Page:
Mahmoud Jibril el-Warfally (Arabic: محمود جبريل الورفلي), also transcribed Jabril or Jebril or Gebril (28 May 1952 – 5 April 2020), was a Libyan politician who served as the interim Prime Minister of Libya for seven and a half months during the overthrow of Muammar Gaddafi and the Libyan Civil War, chairing the executive board of the National Transitional Council (NTC) from 5 March to 23 October 2011. He also served as the Head of International Affairs. As of July 2012, Jibril was the head of one of the largest political parties in Libya, the National Forces Alliance.Toward the end of the conflict, Jibril was increasingly referred to by foreign governments and in media as the interim prime minister of Libya. Jibril's government was recognized as the "sole legitimate representative" of Libya by the majority of UN states including France, Turkey, the United Kingdom, the United States, Iran, and Qatar.
With an HPI of 63.10, Gaius Fulvius Plautianus is the 10th most famous Libyan Politician. His biography has been translated into 15 different languages.
Gaius or Lucius Fulvius Plautianus (c. 150 – 22 January 205) was a member of the Roman gens Fulvia. Like Sejanus, Perennis and Cleande, as head of the Praetorian Guard, he was formally extraordinary powerful and influential in the administration of state affairs, and was involved with Julia Domna, the powerful wife of Septimius Severus, who played a prominent public and political role, in influencing the emperor's decisions. Plautianus was originally from Leptis Magna, southeast of Carthage (modern Libya, North Africa). He was a maternal cousin and long-time friend of the Emperor Septimius Severus. Plautianus' father was another Gaius Fulvius Plautianus, born c. 130, whose sister, Fulvia Pia (c. 125 - after 198), was married to Severus' father Publius Septimius Geta.Plautianus was Praefectus vigilum (commander of the Vigiles in Rome) from 193 to 197.Plautianus was appointed prefect of the Praetorian Guard in 197. Due to their friendship, Severus rewarded Plautianus with various honors, including a consular insignia, a seat in the Roman Senate and the Consulship of 203. During his consulship, Plautianus' image was minted on coins along with Severus' second son Publius Septimius Geta. He assisted Severus in administering the empire and became very wealthy and powerful. Severus made him his second in command. He fought hard with Julia Domna the wife of Emperor to run the government, she too helped her husband run the empire (but was behind the scenes because of her gender). In 202, Plautianus married his daughter Publia Fulvia Plautilla to Caracalla (Severus’ first son and co-emperor) in Rome. Plautianus began to conduct himself like a ruthless ruler, having those who opposed him assassinated or executed at will. Plautianus became so powerful that Caracalla and his effective mother, Julia Domna, began to be concerned. Aware of her reservations, Plautianus sought to disrepute honor and power Julia. He had her servants and friends arrested and tortured in hopes of extracting some damaging testimony against her, however in doing so he achieved nothing.The marriage between Caracalla and Publia Fulvia Plautilla was not a happy one. In fact, Caracalla loathed both her and her father, threatening to kill them after becoming sole emperor. When Plautianus discovered this, he plotted to overthrow Severus' family.This deeply troubled the emperor's wife Julia Domna, who plotted Plautianus's downfall. When Plautianus' treachery was discovered, the imperial family summoned him to the palace and ordered his death on 22 January 205. After this point onwards Julia Domna now became only the chief political advisor to her husband the emperor and as Augusta of the empire, she was the only influential person in the government to help Severus run the empire. After his death, at the request of Julia Domna, Plautianus’ property was confiscated, his name was erased from public monuments, and his son of the same name, daughter and granddaughter were exiled to Sicily. They were all strangled on Caracalla's orders in early 212.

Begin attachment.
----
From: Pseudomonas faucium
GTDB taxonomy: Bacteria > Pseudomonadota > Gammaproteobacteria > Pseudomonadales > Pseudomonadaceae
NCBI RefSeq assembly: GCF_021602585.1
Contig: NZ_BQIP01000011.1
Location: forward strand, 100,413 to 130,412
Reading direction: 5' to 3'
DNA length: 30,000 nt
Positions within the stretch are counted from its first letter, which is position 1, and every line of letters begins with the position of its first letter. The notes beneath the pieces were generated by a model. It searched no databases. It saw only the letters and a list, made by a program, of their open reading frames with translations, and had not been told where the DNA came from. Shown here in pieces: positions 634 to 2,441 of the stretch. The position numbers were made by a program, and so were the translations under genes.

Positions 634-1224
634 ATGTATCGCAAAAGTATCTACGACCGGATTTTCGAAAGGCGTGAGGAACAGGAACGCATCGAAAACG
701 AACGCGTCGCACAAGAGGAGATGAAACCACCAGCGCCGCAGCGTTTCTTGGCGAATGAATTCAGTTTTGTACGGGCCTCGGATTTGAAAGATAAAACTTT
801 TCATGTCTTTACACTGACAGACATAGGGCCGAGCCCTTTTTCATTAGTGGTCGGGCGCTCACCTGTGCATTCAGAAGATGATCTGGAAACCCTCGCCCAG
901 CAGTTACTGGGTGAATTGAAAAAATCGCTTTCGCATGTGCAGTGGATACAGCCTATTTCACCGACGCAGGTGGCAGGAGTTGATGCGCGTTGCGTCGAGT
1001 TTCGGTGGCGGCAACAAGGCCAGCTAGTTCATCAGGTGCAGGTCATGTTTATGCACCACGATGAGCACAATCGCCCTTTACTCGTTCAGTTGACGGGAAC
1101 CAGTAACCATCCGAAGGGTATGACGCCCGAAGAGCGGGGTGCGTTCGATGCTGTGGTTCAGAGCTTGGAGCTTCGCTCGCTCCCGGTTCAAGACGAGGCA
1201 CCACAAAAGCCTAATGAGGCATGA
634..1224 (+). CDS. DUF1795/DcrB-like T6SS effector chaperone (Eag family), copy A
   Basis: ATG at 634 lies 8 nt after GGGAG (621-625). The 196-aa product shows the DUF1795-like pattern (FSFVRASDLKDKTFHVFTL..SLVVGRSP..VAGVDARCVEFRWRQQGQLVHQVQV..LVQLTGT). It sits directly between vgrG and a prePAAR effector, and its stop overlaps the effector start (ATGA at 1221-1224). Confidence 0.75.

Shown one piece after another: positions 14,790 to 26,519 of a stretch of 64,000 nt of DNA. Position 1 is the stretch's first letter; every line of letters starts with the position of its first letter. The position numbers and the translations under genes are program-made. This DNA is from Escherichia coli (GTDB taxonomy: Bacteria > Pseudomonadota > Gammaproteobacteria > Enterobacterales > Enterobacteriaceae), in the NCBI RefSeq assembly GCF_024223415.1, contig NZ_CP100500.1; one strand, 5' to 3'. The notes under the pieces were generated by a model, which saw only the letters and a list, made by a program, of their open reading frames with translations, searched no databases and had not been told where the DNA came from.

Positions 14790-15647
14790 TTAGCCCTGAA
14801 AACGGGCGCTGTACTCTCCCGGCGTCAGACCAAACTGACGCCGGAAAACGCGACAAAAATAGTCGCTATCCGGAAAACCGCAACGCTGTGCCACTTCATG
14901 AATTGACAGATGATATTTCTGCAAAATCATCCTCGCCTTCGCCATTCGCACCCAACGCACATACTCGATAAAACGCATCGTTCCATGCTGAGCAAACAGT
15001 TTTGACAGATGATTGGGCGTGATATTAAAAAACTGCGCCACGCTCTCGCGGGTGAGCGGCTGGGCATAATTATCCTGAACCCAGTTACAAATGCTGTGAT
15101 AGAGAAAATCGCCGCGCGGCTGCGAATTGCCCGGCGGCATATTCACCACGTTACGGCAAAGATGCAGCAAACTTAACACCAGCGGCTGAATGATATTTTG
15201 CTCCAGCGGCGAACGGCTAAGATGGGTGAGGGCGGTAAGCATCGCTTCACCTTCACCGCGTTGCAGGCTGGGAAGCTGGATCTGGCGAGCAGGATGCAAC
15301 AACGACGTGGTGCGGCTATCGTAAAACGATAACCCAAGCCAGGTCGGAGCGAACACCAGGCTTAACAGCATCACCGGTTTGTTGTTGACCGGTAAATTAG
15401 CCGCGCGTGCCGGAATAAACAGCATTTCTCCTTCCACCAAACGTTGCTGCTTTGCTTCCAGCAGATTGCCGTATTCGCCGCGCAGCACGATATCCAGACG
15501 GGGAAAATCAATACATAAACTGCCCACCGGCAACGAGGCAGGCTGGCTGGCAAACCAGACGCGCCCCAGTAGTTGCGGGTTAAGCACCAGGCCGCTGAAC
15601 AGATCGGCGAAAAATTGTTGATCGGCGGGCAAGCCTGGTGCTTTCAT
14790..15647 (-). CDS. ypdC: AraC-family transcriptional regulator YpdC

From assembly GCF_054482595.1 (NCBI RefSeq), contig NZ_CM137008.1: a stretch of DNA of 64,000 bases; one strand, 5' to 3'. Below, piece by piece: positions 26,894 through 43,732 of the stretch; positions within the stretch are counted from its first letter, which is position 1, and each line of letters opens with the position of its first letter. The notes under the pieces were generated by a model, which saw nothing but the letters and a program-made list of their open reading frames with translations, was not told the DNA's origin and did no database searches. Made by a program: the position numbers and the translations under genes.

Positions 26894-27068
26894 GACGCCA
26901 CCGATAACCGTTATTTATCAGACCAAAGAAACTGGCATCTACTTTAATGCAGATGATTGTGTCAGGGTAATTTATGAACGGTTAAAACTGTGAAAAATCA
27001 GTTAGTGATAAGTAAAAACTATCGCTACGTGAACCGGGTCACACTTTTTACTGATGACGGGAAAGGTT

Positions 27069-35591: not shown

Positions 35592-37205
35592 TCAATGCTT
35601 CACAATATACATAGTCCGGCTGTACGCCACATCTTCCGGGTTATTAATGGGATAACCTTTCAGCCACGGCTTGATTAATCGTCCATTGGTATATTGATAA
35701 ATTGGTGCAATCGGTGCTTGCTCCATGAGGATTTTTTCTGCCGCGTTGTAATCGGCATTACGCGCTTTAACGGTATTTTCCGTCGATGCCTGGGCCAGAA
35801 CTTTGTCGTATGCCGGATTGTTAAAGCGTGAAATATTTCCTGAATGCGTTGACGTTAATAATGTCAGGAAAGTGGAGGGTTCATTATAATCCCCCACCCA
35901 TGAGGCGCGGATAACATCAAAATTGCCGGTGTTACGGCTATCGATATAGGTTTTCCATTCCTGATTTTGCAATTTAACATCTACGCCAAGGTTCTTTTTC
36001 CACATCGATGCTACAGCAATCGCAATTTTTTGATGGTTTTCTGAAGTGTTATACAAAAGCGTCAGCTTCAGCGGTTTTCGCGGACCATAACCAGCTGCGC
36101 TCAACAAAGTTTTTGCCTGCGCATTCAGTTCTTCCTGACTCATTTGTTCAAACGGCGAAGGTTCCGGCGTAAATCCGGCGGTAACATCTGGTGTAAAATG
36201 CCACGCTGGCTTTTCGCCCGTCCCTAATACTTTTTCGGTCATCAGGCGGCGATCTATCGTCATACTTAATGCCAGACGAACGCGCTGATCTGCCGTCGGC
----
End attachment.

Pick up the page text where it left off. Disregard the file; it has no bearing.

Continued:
Pantheon has 31 people classified as politicians born between 900 BC and 2000. Of these 31, 16 (51.61%) of them are still alive today. The most famous living politicians include Fayez al-Sarraj, Mahmoud Jibril, and Baghdadi Mahmudi. The most famous deceased politicians include Muammar Gaddafi, Septimius Severus, and Simon of Cyrene. As of October 2020, 1 new politicians have been added to Pantheon including Ali Treki.
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Which Politicians were alive at the same time? This visualization shows the lifespans of the 9 most globally memorable Politicians since 1700.